FLEMINGTON, NJ – A bill crafted by Hunterdon Medical Center and state Sen. “Kip” Bateman would require schools to develop policies to treat overdoses by administering opioid antidotes, such as Narcan.

The Senate has approved the bill.

Bateman worked to develop the legislation with Janice Wagner, who is Director of Intensive Care and Respiratory Therapy at Hunterdon Medical Center.

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“Teenagers are highly susceptible to the devastating impact of opioid abuse in,” said Bateman in a press release. “We can save lives by having Narcan on school grounds, or we can lose them waiting for an ambulance to arrive. It is time to arm the people we entrust to care for our children with the same lifesaving tool used by first responders in every county in this state.”

The bipartisan bill permits school nurses to administer an opioid antidote to a student or staff member who overdoses at school. It also requires high schools - and permits all other schools -  to maintain a supply of naloxone hydrochloride.

The legislation amends the Overdose Prevention Act to include schools, school districts, and school nurses among the recipients that may be prescribed the opioid antidote naloxone hydrochloride through a standing order.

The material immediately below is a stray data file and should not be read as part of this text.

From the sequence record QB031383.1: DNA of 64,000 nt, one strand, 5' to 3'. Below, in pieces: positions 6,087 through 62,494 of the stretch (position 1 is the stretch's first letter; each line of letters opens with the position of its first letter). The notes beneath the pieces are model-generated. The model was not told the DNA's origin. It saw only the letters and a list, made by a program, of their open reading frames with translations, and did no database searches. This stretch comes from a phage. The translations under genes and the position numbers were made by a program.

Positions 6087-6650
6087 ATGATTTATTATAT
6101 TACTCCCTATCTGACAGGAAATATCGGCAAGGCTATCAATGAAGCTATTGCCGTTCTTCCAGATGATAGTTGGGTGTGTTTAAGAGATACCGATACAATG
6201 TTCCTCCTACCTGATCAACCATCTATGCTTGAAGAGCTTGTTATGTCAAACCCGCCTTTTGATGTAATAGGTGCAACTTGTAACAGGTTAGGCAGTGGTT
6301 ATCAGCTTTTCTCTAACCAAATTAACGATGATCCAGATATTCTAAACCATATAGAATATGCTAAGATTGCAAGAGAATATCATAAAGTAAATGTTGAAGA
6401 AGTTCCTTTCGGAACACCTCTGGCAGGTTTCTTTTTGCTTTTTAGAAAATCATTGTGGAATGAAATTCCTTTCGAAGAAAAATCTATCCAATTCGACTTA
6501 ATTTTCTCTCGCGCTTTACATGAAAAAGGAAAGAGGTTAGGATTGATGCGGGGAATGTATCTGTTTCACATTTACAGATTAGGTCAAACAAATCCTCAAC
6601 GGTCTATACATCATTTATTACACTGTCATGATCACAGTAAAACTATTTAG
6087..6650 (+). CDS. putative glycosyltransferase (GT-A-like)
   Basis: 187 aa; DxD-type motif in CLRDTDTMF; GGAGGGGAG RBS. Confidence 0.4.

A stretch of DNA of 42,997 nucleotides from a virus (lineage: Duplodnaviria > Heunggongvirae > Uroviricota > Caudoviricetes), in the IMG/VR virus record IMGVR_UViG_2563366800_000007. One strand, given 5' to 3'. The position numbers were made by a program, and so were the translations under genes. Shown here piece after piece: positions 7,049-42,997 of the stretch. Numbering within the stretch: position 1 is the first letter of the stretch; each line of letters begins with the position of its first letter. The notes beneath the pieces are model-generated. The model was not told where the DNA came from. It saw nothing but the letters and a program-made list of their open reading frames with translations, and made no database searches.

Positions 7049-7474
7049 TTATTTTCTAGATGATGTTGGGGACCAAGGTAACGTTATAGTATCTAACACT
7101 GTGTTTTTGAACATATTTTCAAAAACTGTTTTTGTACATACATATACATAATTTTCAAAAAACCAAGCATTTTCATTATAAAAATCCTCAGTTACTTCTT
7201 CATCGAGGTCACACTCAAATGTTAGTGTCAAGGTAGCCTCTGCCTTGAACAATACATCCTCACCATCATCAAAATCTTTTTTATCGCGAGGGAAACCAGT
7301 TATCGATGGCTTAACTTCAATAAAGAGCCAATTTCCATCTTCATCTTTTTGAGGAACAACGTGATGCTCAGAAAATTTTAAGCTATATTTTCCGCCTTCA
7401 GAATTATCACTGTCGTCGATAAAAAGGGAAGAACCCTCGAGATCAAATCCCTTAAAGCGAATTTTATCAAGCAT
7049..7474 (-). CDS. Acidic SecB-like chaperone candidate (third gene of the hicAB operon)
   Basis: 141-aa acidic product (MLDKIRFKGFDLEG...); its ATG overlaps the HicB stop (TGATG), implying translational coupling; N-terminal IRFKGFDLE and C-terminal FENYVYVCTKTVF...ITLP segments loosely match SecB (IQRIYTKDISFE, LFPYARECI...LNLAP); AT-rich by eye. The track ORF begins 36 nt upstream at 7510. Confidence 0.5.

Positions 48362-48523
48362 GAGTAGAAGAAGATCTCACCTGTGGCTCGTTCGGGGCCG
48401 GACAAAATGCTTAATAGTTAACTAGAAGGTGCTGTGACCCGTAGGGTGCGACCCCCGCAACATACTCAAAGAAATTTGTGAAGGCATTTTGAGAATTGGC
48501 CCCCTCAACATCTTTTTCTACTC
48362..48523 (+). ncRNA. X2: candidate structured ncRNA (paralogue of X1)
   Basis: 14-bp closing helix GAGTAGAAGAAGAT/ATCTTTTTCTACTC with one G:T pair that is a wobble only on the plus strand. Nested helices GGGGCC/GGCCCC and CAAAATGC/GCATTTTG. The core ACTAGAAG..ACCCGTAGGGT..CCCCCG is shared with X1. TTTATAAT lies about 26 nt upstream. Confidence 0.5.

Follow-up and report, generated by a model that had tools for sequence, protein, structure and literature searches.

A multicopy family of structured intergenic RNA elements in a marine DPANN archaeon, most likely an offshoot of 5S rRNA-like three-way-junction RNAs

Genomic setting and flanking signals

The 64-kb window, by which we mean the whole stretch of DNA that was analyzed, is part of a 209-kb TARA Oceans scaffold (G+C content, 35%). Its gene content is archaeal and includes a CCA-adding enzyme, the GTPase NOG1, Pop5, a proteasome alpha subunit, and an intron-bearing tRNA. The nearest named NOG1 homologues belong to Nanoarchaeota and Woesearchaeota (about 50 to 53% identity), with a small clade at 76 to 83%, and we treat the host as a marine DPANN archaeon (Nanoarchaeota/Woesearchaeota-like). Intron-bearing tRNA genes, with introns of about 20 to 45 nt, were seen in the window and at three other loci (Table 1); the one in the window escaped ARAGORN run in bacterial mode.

Under the bill, opioid antidotes must be accessible in the school during regular school hours and during school-sponsored functions that take place in the school or on school grounds adjacent to the school building.

The school nurse would have the primary responsibility for the emergency administration of an opioid antidote. However, school officials can designate additional employees who volunteer to administer an opioid antidote when the nurse is not physically present at the scene.

The state Department of Education would be responsible for establishing guidelines for school districts in developing policies associated with this legislation, including training requirements.

“I am proud to partner with people like Janice Wagner who recognized that we cannot turn a blind eye to the fact that the disease of addiction has found its way into our schools and classrooms,” Bateman said.

Ocean County became the first county in New Jersey to supply all of its high school nurses with Narcan in 2016. “It’s time for us to give every school statewide a legal right to save lives,” Bateman said.